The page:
Objective: Major hepatectomy in cirrhotic patients still represents a great challenge for liver surgeons. Hence, the aim in the present study is to investigate the clinical impact of major hepatectomy and to assess whether the surgical approach influences the outcome of cirrhotic patients.Methods: Multicenter retrospective study including cirrhotic patients undergoing major laparoscopic (mjLLR) and open liver resection (mjOLR) in 14 Western liver centers was performed (2009-2020). Clinical, demographic, and perioperative data were compared using propensity score matching (PSM). Long-term outcome after resection for hepatocellular carcinoma was analyzed.Results: Overall, 352 patients were included; 108 after mjLLR and 244 after mjOLR. After PSM, 88 patients were matched in each group. In the mjLLR group, compared to mjOLR, less blood loss (P = .042), lower overall and severe complication (P < .001, .020), such as surgical site infection, acute kidney injury and liver failure were observed, parallel to a shorter length of hospital stay. Stratifying patients based on the type of resection, less severe complications was observed only after laparoscopic left hepatectomy (P = .044), while the advantages of laparoscopy tend to decrease during right hepatectomy. Subgroup analysis of long-term survivals following liver resection for hepatocellular carcinoma showed no difference between mjLLR and mjOLR.Conclusions: This multicenter experience suggests potential short-term benefits of mjLLR in cirrhotic patients compared to mjOLR, without compromising long-term outcome. These findings might have interesting clinical implications for the management of patients with chronic liver disease.

Outcome of major hepatectomy in cirrhotic patients; does surgical approach matter? A propensity score matched analysis

Ruzzenente, Andrea;
2022

Abstract

Objective: Major hepatectomy in cirrhotic patients still represents a great challenge for liver surgeons. Hence, the aim in the present study is to investigate the clinical impact of major hepatectomy and to assess whether the surgical approach influences the outcome of cirrhotic patients.Methods: Multicenter retrospective study including cirrhotic patients undergoing major laparoscopic (mjLLR) and open liver resection (mjOLR) in 14 Western liver centers was performed (2009-2020). Clinical, demographic, and perioperative data were compared using propensity score matching (PSM). Long-term outcome after resection for hepatocellular carcinoma was analyzed.Results: Overall, 352 patients were included; 108 after mjLLR and 244 after mjOLR. After PSM, 88 patients were matched in each group. In the mjLLR group, compared to mjOLR, less blood loss (P = .042), lower overall and severe complication (P < .001, .020), such as surgical site infection, acute kidney injury and liver failure were observed, parallel to a shorter length of hospital stay. Stratifying patients based on the type of resection, less severe complications was observed only after laparoscopic left hepatectomy (P = .044), while the advantages of laparoscopy tend to decrease during right hepatectomy. Subgroup analysis of long-term survivals following liver resection for hepatocellular carcinoma showed no difference between mjLLR and mjOLR.Conclusions: This multicenter experience suggests potential short-term benefits of mjLLR in cirrhotic patients compared to mjOLR, without compromising long-term outcome. These findings might have interesting clinical implications for the management of patients with chronic liver disease.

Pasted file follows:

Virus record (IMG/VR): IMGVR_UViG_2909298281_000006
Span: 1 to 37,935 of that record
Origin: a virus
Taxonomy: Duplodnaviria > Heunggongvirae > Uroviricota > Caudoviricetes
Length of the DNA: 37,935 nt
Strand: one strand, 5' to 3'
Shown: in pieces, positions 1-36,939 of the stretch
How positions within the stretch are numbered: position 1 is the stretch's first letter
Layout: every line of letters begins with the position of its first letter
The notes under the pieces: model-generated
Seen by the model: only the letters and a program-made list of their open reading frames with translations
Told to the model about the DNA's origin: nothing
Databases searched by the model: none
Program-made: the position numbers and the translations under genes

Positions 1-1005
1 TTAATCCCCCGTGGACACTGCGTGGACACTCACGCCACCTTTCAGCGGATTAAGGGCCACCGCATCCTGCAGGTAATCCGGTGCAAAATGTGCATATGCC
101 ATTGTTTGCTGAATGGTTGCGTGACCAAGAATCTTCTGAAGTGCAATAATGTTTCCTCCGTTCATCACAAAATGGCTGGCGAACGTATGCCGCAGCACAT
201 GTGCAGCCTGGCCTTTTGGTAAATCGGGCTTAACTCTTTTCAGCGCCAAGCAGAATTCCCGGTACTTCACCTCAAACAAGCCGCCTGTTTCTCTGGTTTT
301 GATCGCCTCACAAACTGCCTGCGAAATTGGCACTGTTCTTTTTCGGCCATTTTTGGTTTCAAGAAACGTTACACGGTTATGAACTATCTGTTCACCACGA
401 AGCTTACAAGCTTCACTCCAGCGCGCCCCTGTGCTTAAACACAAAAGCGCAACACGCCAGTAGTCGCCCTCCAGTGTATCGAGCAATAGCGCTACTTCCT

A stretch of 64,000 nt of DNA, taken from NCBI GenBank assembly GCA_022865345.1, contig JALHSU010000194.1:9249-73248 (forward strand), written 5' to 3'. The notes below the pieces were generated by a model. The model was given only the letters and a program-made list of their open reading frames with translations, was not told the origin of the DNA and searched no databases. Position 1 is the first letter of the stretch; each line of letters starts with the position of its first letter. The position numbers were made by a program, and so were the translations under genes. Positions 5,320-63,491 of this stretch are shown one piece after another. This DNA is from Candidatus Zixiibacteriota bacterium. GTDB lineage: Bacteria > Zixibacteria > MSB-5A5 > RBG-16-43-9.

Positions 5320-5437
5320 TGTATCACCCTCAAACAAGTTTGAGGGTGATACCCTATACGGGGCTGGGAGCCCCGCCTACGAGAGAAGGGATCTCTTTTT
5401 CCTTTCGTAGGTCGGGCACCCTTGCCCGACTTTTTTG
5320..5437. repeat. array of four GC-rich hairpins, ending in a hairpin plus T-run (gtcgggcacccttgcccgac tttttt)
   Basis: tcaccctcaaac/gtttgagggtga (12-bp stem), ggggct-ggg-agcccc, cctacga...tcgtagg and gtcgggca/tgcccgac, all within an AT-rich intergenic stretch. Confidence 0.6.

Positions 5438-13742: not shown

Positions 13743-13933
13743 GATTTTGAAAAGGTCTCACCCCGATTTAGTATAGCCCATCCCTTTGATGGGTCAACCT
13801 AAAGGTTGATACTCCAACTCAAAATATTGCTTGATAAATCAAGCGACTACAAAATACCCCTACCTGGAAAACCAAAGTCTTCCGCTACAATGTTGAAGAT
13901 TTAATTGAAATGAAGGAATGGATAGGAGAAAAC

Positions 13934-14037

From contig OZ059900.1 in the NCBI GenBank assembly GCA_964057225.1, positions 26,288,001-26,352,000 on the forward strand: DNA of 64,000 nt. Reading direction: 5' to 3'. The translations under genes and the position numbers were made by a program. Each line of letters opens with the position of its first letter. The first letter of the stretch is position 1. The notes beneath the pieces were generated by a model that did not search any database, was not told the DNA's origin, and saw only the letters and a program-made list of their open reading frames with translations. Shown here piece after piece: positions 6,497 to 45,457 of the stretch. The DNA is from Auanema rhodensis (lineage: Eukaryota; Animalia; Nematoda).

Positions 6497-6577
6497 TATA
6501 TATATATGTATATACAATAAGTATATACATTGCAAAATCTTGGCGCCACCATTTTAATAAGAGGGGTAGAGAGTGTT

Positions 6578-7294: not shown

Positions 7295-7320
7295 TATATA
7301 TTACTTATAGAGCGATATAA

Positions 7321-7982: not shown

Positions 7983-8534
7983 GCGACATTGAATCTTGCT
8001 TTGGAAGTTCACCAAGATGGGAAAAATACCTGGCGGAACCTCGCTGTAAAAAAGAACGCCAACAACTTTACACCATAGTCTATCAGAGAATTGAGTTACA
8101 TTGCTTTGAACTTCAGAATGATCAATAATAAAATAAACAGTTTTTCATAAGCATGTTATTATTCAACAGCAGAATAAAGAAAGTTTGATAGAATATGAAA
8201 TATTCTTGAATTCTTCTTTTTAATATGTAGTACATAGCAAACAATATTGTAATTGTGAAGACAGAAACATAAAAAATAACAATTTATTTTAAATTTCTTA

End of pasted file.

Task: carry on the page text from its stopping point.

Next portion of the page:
laparoscopic liver resection
liver cirrhosis
major liver resection
open liver resection
surgical oncology
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Utilizza questo identificativo per citare o creare un link a questo documento: https://hdl.handle.net/11562/1078660
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